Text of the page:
She is sharing her story with First Coast News to raise awareness of possible rental scams in the area.
JACKSONVILLE, Fla. – Florida is such a hot housing market, First Coast News spoke with the Better Business Bureau about the risks buyers and renters face if they don’t pay close attention.
“It just worries me that other people out there, maybe they’re in a better place with credit, and maybe they have more in their bank account than I do than I do. he’ll just suck other people dry,” Desiree Chestnut said.
Chestnut has been looking for her dream home since March and when she thought she found it, it slipped out of her hands.
“I found this house that was for rent on realtor.com. It was really nice and my price range. I contacted the man on the listing,” Chestnut said.
The man offered to let her visit the house remotely and asked for a photo of her ID.
Chestnut visited the house and she loved it.
“He said well I have another person watching it if you want to take it. I’ll tell them not to come watch it and I thought yeah, I think I want it,” Chestnut said.
Pressure tactics can be a red flag to watch for another, that’s what happened next. The man said he couldn’t accept a check or money order to hold the house.
“He got a little excited about it and said we were working from home. We work from home. Again, a bit suspicious but not too suspicious. I’m a stranger, so maybe he didn’t want me to come to his house,” Chestnut said.
The alleged owner asked Chestnut to send money through Zelle, a money transfer app.
She sent over $2,000 and in doing so she asked him to provide documents and he did, which she says made her feel comfortable.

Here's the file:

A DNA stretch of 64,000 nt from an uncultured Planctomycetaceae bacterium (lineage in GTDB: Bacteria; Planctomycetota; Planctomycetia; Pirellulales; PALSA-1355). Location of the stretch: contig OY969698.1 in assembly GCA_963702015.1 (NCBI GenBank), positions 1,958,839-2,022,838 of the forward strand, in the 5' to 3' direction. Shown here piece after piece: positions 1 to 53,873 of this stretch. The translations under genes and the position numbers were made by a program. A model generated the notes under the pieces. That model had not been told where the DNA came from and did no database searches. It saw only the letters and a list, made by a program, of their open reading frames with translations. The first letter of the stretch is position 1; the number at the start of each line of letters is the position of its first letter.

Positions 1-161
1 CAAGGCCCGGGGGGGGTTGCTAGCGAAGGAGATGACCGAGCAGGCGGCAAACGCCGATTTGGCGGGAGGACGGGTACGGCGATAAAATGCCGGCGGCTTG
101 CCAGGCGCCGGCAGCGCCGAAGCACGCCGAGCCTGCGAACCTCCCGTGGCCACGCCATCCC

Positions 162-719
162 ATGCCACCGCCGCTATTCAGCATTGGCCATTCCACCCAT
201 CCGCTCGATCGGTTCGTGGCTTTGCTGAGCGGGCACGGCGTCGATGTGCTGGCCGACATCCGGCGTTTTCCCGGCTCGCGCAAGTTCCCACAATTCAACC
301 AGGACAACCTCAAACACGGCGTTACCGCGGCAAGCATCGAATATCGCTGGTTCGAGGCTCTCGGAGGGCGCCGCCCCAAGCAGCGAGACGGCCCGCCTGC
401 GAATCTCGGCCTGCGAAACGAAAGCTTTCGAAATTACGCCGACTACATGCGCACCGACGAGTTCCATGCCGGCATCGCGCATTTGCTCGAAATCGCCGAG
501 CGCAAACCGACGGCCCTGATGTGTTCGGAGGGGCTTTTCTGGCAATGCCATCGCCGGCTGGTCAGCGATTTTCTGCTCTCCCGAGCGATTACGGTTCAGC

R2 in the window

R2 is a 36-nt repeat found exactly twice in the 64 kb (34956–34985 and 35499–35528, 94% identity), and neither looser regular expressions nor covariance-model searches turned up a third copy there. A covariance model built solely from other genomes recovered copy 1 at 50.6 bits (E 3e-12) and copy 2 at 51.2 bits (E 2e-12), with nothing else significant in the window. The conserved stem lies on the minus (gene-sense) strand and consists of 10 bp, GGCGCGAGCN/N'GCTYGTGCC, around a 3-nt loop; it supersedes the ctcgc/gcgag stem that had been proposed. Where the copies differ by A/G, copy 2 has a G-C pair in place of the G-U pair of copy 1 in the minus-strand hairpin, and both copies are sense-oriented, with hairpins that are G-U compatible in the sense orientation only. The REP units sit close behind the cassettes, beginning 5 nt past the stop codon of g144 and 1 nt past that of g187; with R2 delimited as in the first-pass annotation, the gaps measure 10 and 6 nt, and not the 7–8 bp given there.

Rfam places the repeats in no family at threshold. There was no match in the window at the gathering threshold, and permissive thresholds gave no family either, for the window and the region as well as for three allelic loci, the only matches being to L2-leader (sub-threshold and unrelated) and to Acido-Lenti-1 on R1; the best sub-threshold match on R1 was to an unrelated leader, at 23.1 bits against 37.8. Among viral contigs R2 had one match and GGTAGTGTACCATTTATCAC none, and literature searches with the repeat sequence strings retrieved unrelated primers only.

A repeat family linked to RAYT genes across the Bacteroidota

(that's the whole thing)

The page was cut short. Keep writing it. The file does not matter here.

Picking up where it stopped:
“I told him I had to call my bank because he kept saying it was wrong and I was like let me hang up with you guys and call my bank and that’s when I realized I thought it was a scam,” Chestnut said.
By then it was too late, her bank told her they couldn’t cancel the transaction because her money was already in another account.
Chestnut immediately contacted JSO but since she voluntarily gave the money, she says they told her it would be a civil matter and not a criminal one.
She also contacted the FBI. A spokesperson for the agency could not confirm whether they had opened an investigation, but encouraged victims of internet crimes to file complaints, allowing the FBI to track and connect with potential victims of scam.
Chestnut says she contacted the man to ask for a refund, which he said he would provide but never did.
“If they did this to me, who else are they doing this to? How many people have done this before me. How many people are going to do this after me that no one wants to take justice. Now that’s frustrating,” Chestnut said.
Chestnut filed a complaint with realtor.com, and they removed the property from their listings.
Chestnut also has the option to fund me if you would like to help donate to his family to help replace these funds. You can click here to donate.